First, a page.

43. Devlin JC, Head-Rapson AG, Parker CJ, Hunter JM. Pharmacodynamics of mivacurium chloride in patients with hepatic cirrhosis. Br J Anaesth 1993; 71:227.
  44. Hunter JM, Parker CJ, Bell CF, et al. The use of different doses of vecuronium in patients with liver dysfunction. Br J Anaesth 1985; 57:758.
  45. Magorian T, Wood P, Caldwell J, et al. The pharmacokinetics and neuromuscular effects of rocuronium bromide in patients with liver disease. Anesth Analg 1995; 80:754.
  46. De Wolf AM, Freeman JA, Scott VL, et al. Pharmacokinetics and pharmacodynamics of cisatracurium in patients with end-stage liver disease undergoing liver transplantation. Br J Anaesth 1996; 76:624.
  47. Ward S, Neill EA. Pharmacokinetics of atracurium in acute hepatic failure (with acute renal failure). Br J Anaesth 1983; 55:1169.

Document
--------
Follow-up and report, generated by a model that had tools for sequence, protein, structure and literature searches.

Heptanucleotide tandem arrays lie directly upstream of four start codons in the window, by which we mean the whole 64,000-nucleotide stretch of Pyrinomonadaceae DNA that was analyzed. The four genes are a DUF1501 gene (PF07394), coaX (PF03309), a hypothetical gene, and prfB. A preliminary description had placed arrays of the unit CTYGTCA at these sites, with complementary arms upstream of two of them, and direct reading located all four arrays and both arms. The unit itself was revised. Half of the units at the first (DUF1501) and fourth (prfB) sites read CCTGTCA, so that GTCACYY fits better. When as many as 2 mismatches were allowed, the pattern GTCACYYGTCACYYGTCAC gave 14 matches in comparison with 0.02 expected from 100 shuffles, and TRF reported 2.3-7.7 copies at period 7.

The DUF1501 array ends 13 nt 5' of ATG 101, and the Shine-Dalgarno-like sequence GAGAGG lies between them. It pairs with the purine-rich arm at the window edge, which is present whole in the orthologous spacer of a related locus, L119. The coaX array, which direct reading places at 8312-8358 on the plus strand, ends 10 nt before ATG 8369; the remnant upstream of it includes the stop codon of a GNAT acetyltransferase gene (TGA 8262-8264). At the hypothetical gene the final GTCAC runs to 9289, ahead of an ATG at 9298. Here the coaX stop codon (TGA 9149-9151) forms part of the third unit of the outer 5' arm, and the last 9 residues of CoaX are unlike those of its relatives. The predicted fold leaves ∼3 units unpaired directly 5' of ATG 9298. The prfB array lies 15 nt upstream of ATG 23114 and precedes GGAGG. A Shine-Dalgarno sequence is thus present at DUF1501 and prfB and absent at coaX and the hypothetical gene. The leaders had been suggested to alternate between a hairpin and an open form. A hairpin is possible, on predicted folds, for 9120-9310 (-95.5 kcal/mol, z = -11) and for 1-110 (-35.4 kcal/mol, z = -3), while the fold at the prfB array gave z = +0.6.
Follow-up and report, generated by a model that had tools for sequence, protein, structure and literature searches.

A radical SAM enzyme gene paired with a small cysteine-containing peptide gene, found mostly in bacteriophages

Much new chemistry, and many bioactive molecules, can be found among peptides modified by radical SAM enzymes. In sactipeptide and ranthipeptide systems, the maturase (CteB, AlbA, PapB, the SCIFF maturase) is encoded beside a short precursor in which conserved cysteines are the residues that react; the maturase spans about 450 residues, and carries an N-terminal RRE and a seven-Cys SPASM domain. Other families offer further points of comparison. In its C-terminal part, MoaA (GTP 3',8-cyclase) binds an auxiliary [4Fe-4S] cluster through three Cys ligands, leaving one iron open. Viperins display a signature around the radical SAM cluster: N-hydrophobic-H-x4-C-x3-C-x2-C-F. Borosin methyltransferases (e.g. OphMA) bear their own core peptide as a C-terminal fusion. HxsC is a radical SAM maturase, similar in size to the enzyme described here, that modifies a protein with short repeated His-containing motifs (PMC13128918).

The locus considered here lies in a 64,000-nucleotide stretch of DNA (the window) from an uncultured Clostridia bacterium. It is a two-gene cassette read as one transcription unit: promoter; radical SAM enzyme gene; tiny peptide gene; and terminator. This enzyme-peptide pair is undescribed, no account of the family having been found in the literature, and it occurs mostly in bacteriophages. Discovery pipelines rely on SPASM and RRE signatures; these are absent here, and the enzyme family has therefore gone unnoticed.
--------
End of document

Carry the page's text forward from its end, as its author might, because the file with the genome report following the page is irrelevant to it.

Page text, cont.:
48. Møller S, Henriksen JH. Neurohumoral fluid regulation in chronic liver disease. Scand J Clin Lab Invest 1998; 58:361.
  49. Wagener G, Kovalevskaya G, Minhaz M, et al. Vasopressin deficiency and vasodilatory state in end-stage liver disease. J Cardiothorac Vasc Anesth 2011; 25:665.
  50. Alves de Mattos A. Current indications for the use of albumin in the treatment of cirrhosis. Ann Hepatol 2011; 10 Suppl 1:S15.
  51. Bernardi M, Ricci CS, Zaccherini G. Role of human albumin in the management of complications of liver cirrhosis. J Clin Exp Hepatol 2014; 4:302.
  52. Runyon BA, AASLD Practice Guidelines Committee. Management of adult patients with ascites due to cirrhosis: an update. Hepatology 2009; 49:2087.
  53. Terg R, Gadano A, Cartier M, et al. Serum creatinine and bilirubin predict renal failure and mortality in patients with spontaneous bacterial peritonitis: a retrospective study. Liver Int 2009; 29:415.